For certain, though, radical meanings are just hints to get started. Once I start seeing it in words over and over again, the form starts sticking. Like 宇宙 - neither of those kanji are memorable alone, but if I see either one of them, I can recognize “oh, it’s from that word that I’ve seen a bajillion times in this context”.

Well, this one works better in Chinese. It means cover (e.g. 被單 bed sheet) and is also a grammatical part of speech to express a passive verb - 我被打了 = I hit cover ed = I was overcome by hit = I was hit. Thus, “incur”.

(I never learned how to read or write in Chinese, but I speak it. One of my New Year’s resolutions was to actually learn, and I figured I’d do Japanese at the same time. Turns out I couldn’t keep up both and a full-time job, so I decided to plow through Japanese first, and get back to Chinese in a year or two. So here I am.)

The issue I have with that is it’s random in 千万 different ways. Replace fish tail with anything else and it’s still an equally (il)logical story.

Your above post read like you need zero effort for any kanji, just go with better radical names. I think you must replicate what WK is doing with longer texts. The story is some connection between the radicals.

The WK stories might be too silly for you, but you are just replacing it with a different (maybe shorter) one.

“I already know it” doesn’t apply for everyone :slight_smile:


I dont know why it has to be logical. You use the mnemonic to reinforce the kanji, the radicals will help you remember the story, then eventually the middleman will not be needed… Its not that hard for me to imagine myself as a crazy pregnant lady looking for a natural medicinal treatment for fever and fishtails are just as illogical as any other alternative medicine (imo lol). As long as I can visualise it in short term memory for the first couple of days learning the kanji i don’t need it after that. Who cares if it’s logical? The weirder and more dreamlike it is for me, the better I remember it.

Its the boring stories I cook up that I tend to have a harder time remembering. Big round fire? Sun? Volcano? That’s way too indistinct for me. (I wouldn’t have a problem with this particular word, 熱 is a common ailment for plot contrivance in anime so half the work is done haha)

Edit: I should make it clear that this one is definitely different strokes for different folks. I was arguing initially that mnemonics are very useful for memorization, and not useless as some people claimed. What your mnemonics are and how you need them is totally independent which is also why i was advocating making one’s own. If big round fire makes you think fever, go nuts haha.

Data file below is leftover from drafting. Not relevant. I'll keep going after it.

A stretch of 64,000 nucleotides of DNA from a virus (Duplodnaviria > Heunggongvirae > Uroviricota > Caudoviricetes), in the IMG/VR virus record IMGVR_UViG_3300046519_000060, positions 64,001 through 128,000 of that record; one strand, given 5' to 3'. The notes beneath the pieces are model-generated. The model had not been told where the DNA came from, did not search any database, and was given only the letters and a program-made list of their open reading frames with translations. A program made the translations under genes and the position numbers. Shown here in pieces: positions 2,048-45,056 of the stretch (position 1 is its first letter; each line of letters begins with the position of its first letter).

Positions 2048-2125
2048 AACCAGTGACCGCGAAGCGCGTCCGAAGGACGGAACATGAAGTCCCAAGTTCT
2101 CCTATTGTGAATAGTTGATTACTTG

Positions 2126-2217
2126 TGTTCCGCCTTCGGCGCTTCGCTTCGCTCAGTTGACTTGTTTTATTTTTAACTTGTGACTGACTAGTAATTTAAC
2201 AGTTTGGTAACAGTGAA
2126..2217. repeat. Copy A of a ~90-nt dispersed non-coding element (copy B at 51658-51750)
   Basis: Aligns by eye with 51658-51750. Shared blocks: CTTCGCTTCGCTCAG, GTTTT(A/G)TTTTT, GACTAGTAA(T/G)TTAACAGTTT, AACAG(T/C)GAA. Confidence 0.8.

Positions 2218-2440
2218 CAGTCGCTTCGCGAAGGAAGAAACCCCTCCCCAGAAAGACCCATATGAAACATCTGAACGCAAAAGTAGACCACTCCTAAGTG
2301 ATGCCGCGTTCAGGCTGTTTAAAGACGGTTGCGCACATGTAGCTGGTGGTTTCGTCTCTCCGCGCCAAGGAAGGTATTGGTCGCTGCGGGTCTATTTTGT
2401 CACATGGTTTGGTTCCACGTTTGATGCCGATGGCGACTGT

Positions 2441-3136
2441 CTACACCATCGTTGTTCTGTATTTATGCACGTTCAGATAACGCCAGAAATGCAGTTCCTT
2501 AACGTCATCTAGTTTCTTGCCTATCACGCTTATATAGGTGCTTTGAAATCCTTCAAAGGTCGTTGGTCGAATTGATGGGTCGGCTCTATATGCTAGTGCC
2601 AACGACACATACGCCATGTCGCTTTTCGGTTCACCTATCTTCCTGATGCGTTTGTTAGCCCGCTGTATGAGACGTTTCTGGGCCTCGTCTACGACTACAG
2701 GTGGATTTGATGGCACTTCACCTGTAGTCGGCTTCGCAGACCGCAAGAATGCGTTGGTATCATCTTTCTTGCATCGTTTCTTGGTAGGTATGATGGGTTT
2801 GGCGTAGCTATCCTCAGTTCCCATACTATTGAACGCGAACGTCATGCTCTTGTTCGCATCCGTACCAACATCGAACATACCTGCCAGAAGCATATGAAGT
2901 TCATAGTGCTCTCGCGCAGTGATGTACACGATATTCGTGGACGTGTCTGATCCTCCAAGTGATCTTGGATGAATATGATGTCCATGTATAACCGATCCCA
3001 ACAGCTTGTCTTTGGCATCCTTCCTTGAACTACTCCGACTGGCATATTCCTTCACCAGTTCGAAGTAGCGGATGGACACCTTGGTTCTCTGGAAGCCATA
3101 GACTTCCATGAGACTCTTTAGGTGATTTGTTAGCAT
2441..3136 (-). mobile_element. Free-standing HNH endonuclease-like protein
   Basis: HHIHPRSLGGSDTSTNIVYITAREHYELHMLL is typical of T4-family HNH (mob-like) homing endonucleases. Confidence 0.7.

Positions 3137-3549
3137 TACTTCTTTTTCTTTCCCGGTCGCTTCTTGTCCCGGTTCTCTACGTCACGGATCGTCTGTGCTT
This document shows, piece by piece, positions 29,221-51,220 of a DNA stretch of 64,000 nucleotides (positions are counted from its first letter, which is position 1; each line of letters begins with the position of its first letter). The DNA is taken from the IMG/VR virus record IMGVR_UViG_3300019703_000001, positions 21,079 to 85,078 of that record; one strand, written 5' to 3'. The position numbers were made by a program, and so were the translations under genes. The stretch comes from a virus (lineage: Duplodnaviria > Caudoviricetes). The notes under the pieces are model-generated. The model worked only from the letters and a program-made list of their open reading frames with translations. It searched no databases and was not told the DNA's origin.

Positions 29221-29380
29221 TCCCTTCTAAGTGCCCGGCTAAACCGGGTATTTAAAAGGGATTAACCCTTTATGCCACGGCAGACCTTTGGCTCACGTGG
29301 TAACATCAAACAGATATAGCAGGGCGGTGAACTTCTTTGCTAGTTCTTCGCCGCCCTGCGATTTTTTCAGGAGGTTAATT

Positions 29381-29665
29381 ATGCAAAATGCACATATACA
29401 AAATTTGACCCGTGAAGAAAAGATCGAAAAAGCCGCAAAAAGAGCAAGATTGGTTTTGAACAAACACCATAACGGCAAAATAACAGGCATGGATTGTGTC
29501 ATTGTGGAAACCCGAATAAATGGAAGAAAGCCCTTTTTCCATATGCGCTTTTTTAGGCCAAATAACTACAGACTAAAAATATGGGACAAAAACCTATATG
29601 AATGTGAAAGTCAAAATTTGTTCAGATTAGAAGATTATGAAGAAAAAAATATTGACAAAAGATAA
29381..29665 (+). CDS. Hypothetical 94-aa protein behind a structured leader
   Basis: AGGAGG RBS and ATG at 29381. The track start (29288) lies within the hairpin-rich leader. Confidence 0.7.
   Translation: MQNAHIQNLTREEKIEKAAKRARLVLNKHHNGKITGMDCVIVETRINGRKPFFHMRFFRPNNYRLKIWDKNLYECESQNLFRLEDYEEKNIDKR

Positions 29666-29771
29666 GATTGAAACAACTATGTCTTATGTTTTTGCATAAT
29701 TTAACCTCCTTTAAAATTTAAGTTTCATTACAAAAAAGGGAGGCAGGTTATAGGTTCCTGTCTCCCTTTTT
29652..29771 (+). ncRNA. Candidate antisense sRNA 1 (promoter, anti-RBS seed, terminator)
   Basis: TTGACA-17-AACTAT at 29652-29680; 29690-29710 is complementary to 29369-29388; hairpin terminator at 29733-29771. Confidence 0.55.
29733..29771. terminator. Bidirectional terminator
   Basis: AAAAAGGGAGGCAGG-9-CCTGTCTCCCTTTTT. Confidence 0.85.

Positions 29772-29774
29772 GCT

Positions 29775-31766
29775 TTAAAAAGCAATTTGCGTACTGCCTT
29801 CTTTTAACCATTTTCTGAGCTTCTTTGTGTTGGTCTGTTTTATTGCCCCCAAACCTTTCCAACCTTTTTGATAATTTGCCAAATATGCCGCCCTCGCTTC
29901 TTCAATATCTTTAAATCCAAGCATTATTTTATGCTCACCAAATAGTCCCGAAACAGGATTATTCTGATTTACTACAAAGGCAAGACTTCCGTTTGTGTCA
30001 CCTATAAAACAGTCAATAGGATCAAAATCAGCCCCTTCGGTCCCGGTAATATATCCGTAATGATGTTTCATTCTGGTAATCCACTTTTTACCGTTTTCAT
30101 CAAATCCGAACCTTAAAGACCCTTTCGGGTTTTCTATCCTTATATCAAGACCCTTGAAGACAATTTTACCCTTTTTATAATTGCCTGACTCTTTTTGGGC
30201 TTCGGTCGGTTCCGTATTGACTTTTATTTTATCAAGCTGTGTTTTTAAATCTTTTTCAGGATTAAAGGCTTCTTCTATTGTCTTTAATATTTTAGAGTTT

That’s about when Japanese people would learn it too, in terms of order. It’s a 7th grade (Kanken Level 4) kanji.

To add to the edit I don’t really disagree with you and I didn’t mean my tone to sound so hostile. I wish English had keigo sometimes.

I dunno. Looking through last level’s kanji, I remembered them as
告 - 口 something; 達 - 友達; 焼 - 火 something, 焼く; 借 - 昔 something; 弓 - 弓道; 脳 - that PvZ song; 喫 - 喫茶店, 等 - 竹 something; 枚; 忘 - 亡 sound; 訓; 種; 報 - 新×服; 句; 許; 可; 祈 - 示 something; 僧; 禁; 静 - 青 sound; 座; 煙 - 火 something; 汽 - 水×气; 験 - 険 sound; 試 - 式 sound; 類; 洗 - 水 something, アライグマは洗う; 禅 - 示×単
so I only really thought about the radical breakdown for half of them, and after getting the vocab unlocked, I just remember them in the context of other words.

I’m not really sure how to explain it. It’s sort of the same as reading English - you see the shape of a written word, and the concept pops up, without decoding the letters in it. Just a lot slower, which just means I need more practice.

Something that does give me a lot of trouble, though, is when I’m unfamiliar with any of the words they’re in. Currently struggling with 閥, 得, 減, 節.

I didn’t even know the character was the same until I looked it up in this thread. (And a funny thing about being a native Chinese speaker is you’re not even aware of the tones - I couldn’t tell you if two words have the same or different tones until I say them next to each other.) But there’s all these online dictionary/etymology resources just a click away. That’s what I often go to, when none of the WK-provided examples are sticking for me.

That’s also how it works for one of my friends who’s also currently studying Japanese, and I don’t understand it. Oh well. I guess that means you get more value out of WK than I do.

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It’s perfect when it works for you. With your background you seem like a special case, though :wink:

As long as you remember the something in for example “借 - 昔 something” as well, or you might get confused when 惜措 comes up.

You might be interested in my scripts to check similar kanji that could cause trouble, or see phonetic components you don’t know yet.

[Userscript] Niai 似合い Visually Similar Kanji
[Userscript] Keisei 形声 Semantic-Phonetic Composition

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so far, unless it’s one of those rare occasions where my brain can distill WK’s longwinded mnemonics and use it, it’s only whenever I have particular difficulty memorizing something that I resort to mnemonics – the rest of the time I rote memorize. obviously this is less efficient, and it’s easier to forget, but it has generally worked for me…